Congratulations on your new position! How did you first hear about AABB and when did you become a member? Thank you. It is a great honor for me to be the next President of AABB and to continue advancing the association’s vision of making transfusion medicine and cellular therapies safe, available, and effective worldwide. I first heard about AABB when I was training as a hematologist in the mid-1980s. I became aware of the AABB scientific journal, TRANSFUSION, and the AABB Annual Meetings. I attended my first meeting in Los Angeles in 1990 to present some research work from our group and became an AABB member the same year.
Why did you choose hematology? I trained as a general physician in London and decided to do specialist training in hematology—I was attracted by the possibility of combining clinical and laboratory work with research. I then became interested in transfusion medicine when managing the transfusion problems of patients with hematological malignancies.
Which areas of transfusion medicine interest you the most? I continue to work as a hospital hematologist, therefore, the issues of hospital transfusion practice remain my focus. I am interested in the use of information technology to improve the safety and appropriateness of transfusion practice by ensuring that patients receive the correct blood, and support clinicians to make good decisions about the use of blood. I am also involved in clinical research to provide the evidence for improving transfusion practice and the use of alternatives to transfusion.
What is the public’s biggest misconception about blood banking? I think the public needs to be better informed to better understand the risks and benefits of transfusion and the importance of blood donation. Blood has a limited shelf life and regular blood donations are fundamental to ensure that the blood supply remains adequate. In case of disaster—natural or manmade—it is the blood that is already on the shelves that saves lives.
Blood can only be stored safely for up to 42 days and platelets last only five days. What efforts are being made to extend the shelf life of blood products? There is no doubt that a limited shelf life for cellular blood components like red blood cells and platelet units is a significant challenge for blood suppliers and hospitals in terms of supply and minimizing wastage. There has been recent debate about the potential risks associated with stored red blood cell transfusions, but a number of high-quality clinical trials have not confirmed this effect. There is ongoing research into methods to allow safe extension of the shelf life of red blood cell units using new storage solutions and conditions. The concern about extended storage of platelet units is bacterial contamination as these products are stored at 22 oC, and there is research into new storage solutions to allow extension of the shelf life beyond five days. There is also considerable interest in storing platelets at 4 oC, the same temperature as for storing red blood cell units, because of some evidence of their superior immediate hemostatic effect.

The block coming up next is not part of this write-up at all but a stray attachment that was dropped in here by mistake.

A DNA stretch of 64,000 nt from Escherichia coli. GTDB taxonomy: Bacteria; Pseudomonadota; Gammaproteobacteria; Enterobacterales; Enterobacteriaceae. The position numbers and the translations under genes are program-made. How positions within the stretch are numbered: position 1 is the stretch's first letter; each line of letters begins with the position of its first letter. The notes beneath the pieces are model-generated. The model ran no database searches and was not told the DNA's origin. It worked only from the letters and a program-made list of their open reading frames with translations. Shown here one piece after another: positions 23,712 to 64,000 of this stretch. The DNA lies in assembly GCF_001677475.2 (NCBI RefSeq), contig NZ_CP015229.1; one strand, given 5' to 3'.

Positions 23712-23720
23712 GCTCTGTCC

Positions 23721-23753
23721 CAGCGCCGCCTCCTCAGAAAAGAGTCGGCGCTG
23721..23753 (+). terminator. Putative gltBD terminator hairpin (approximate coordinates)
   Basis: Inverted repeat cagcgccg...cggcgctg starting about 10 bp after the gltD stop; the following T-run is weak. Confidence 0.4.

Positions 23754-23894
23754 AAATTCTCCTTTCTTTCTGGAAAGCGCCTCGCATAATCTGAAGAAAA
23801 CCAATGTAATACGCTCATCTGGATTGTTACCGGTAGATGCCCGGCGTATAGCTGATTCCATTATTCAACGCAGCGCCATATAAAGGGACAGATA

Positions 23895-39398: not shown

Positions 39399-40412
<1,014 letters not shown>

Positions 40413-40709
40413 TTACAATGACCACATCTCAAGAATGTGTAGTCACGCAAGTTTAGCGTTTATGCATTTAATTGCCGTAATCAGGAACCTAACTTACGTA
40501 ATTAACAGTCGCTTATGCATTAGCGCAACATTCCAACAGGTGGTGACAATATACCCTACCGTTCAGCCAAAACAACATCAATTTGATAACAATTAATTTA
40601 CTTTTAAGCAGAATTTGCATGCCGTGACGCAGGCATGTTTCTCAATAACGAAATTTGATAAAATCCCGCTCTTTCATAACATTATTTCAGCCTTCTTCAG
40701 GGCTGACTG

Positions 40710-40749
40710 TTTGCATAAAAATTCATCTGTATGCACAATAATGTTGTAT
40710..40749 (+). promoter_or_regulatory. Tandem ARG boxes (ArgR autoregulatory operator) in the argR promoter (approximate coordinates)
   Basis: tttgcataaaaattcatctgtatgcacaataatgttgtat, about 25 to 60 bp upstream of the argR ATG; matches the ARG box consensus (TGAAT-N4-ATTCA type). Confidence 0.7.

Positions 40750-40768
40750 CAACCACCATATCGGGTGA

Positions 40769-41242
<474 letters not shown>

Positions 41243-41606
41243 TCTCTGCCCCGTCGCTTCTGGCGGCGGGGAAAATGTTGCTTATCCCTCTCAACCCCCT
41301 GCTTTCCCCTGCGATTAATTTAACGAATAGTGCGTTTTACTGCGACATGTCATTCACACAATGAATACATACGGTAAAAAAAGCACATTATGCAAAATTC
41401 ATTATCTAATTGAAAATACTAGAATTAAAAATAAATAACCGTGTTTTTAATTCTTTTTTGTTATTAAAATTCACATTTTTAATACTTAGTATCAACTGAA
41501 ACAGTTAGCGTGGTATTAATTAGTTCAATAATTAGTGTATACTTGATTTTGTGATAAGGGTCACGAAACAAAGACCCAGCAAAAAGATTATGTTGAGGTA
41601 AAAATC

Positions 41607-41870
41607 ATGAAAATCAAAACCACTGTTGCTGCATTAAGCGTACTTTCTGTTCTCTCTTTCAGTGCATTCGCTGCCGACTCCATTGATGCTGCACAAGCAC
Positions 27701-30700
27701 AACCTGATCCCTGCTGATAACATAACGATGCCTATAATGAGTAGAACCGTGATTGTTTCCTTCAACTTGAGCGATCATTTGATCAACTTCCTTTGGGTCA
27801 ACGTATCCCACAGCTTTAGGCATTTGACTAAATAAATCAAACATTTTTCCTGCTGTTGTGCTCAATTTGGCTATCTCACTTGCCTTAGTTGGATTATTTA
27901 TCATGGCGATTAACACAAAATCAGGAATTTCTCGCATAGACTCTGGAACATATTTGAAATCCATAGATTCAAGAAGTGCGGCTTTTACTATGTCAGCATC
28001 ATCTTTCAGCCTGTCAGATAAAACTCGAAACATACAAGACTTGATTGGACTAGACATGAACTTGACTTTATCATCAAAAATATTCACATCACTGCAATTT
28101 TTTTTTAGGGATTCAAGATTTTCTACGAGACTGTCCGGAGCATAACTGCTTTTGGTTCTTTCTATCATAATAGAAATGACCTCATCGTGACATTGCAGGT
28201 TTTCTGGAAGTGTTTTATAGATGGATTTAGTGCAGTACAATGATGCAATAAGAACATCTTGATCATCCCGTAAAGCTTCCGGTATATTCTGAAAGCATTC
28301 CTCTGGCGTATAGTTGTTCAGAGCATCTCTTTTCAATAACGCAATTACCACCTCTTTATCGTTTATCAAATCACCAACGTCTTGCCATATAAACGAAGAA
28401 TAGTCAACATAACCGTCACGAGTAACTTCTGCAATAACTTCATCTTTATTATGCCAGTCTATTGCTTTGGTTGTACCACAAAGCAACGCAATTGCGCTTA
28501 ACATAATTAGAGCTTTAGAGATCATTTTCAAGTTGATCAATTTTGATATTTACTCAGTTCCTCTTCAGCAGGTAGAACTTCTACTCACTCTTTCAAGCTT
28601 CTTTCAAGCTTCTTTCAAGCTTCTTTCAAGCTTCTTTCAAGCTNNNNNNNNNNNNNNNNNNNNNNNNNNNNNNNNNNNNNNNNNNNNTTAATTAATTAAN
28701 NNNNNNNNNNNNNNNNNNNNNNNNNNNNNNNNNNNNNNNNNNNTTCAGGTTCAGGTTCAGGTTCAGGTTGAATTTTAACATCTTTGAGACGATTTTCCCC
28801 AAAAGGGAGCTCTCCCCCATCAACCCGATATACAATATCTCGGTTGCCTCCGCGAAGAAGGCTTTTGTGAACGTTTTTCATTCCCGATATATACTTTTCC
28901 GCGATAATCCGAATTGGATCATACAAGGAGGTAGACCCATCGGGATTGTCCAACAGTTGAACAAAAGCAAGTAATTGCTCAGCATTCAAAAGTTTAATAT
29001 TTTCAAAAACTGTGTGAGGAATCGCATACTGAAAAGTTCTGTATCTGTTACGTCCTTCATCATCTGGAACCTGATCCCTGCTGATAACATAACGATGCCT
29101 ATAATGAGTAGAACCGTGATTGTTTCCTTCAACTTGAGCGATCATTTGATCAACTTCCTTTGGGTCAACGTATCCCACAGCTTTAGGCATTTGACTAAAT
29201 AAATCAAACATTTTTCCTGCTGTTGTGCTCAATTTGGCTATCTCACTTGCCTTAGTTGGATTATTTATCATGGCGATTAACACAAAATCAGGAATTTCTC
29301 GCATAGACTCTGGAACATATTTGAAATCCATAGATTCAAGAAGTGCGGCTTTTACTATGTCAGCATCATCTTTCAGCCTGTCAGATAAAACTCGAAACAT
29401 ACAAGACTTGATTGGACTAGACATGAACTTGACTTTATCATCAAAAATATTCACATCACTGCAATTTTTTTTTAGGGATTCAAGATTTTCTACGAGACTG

What is trending in the field of umbilical cord blood banking? Cord blood has unique attributes that make it the stem cell source of choice for many pediatric patients, and those who cannot find a well-matched adult donor. However, the need for double unit transplants to achieve a sufficient cell dose has significant cost implications, and haplomismatched donations from family members are being used increasingly instead of cord blood. To overcome the limiting number of stem cells in cord units, several ex vivo expansion protocols have been developed and are now in clinical trials. Moving beyond cord blood itself, umbilical cord and placental tissues have proven to be advantageous sources of mesenchymal stromal cells whose immunoregulatory and regenerative properties are being tested in a wide range of clinical applications.
Extreme blood loss is the most common cause of death on the battlefield, accounting for 90 percent of fatalities. What relationship does AABB have with the military? AABB has close ties with the Armed Services Blood Program (ASBP), which provides blood products for service members and their families, both in the U.S. and internationally. ASBP blood collection centers are AABB-accredited and follow AABB standards that promote donor and patient safety. We also hold an annual workshop with the THOR (Translational Hematology and Oncology Research) network that helps to translate lessons from the battlefield to civilian care.
What is a typical day in the office like for you? Being a morning person, I like to make an early start and that is a challenge for me toward the end of the U.K. working day, since it is still early afternoon or even morning in the U.S. Some early mornings involve teaching of residents followed by daily transfusion rounds in the blood bank with our transfusion team to review any transfusion problems. We also review the transfusions from the previous day, which have triggered an alert on our electronic decision support process and which need to be followed up with the doctor who made the order. The rest of the day will be taken up with meetings with our transfusion team and clinical fellows to review progress with quality improvement initiatives and research projects. Toward the end of the day comes AABB business and conference calls, and if there is time I will relax with a session in the gym or a gentle run before heading home.
What type of career path would you recommend for students wanting to pursue a career in transfusion medicine? The traditional route for medical staff into transfusion medicine is through pathology, but alternative career paths are now possible including anesthesiology, emergency medicine, or critical care medicine. The field of transfusion medicine is being strengthened by specialists from varied medical backgrounds.